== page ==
It was the emotional side of depression. I have never felt so deeply sad. I was in a hole. I was suicidal. I thought of like, you know, I never attempted committing suicide, but I did think of like, maybe it’s just better to die. I would sit by my window, looking out, having a cigarette, and it was just like this deep sadness of everything. I couldn’t find a future. I couldn’t find the past. I couldn’t really think of anything that would make me again smile. The only thing I kept thinking was how much I hurt people through my mania.
– Haydn, Episode 250 - Bipolar 1 Psychosis - Supporting a Loved One - The Mental Illness Happy Hour
This episode of The Mental Illness Happy Hour really spoke to me. It's sickly comforting to hear about other people's experiences with similar mental conditions. I relate so closely to when Haydn says, "The only thing I kept thinking was how much I hurt people through my mania."
Even though several people, including my therapist have told me it could have been much worse, and that the actual amount of hurt of other people is magnified in my mind much more than in reality, it's still a feeling that I can't shake. Initially upon coming out of mania, any thoughts of any person that I had any contact with throughout my manic episode were enough to cause me severe anxiety and shame. Those feelings have lessened somewhat, but the shame and thoughts are still very pronounced in my mind.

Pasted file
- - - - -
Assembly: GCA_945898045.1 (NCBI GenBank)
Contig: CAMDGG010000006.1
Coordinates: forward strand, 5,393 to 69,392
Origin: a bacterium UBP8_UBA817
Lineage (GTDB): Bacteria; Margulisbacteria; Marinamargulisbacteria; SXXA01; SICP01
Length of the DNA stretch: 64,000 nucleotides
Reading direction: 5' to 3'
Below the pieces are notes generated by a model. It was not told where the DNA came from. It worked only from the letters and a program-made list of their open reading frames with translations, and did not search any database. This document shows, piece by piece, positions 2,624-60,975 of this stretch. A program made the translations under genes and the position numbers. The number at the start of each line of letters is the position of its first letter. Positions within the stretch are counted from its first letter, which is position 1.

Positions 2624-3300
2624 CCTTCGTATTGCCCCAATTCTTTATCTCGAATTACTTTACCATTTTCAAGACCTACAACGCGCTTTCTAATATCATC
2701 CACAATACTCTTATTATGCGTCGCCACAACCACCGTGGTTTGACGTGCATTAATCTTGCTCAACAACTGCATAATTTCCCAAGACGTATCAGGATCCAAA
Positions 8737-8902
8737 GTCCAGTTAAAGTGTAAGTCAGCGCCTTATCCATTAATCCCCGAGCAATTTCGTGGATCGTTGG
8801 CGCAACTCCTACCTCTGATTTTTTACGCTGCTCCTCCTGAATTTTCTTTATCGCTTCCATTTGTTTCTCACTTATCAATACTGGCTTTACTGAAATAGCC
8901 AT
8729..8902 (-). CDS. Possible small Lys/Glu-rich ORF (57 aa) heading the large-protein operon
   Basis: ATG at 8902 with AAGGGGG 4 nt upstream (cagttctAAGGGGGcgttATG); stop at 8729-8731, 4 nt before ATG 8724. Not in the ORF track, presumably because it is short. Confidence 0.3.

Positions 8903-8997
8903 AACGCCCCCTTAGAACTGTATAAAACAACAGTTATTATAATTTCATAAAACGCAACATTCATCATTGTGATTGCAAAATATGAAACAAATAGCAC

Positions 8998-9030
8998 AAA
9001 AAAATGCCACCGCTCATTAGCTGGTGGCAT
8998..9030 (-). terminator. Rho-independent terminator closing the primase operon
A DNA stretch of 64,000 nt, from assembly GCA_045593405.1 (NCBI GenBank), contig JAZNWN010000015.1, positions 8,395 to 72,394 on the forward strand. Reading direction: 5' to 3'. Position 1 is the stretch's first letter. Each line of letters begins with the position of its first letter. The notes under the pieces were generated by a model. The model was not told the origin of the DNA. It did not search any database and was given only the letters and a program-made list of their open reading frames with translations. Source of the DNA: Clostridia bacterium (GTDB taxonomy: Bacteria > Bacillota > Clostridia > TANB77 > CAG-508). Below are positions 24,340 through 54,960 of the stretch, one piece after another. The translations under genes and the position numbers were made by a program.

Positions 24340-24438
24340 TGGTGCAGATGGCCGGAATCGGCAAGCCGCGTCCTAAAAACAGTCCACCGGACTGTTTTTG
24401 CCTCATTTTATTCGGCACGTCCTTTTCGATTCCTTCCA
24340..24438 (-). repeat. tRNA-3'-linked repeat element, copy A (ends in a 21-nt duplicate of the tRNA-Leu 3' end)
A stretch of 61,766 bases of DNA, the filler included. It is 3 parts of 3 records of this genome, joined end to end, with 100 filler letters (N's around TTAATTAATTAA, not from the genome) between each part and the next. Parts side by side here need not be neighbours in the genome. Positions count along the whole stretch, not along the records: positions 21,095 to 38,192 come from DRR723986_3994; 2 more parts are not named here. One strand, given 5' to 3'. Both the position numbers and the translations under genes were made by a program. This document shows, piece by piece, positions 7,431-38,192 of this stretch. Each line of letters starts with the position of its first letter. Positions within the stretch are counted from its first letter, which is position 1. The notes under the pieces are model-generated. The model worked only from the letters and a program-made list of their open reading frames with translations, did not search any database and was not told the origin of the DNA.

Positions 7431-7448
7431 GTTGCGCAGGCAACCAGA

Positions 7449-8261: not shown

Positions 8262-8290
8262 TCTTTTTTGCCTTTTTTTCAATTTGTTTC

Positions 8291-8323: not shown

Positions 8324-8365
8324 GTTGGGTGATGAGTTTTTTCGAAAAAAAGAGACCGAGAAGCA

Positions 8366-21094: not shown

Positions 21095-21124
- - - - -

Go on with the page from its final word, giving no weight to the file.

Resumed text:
Having gone through over a year of severe depression, I still feel very much as Haydn said, "I couldn’t find a future. I couldn’t find the past." Try as I might, I cannot see a future for myself. Intellectually I understand that things change over time and that opportunities will arise, but at this point, I can't rely on the intellectual side. Emotionally I have become stuck. The feelings aren't facts, as my therapist constantly reminds me, but they are the only things that feel real, and therefore they are.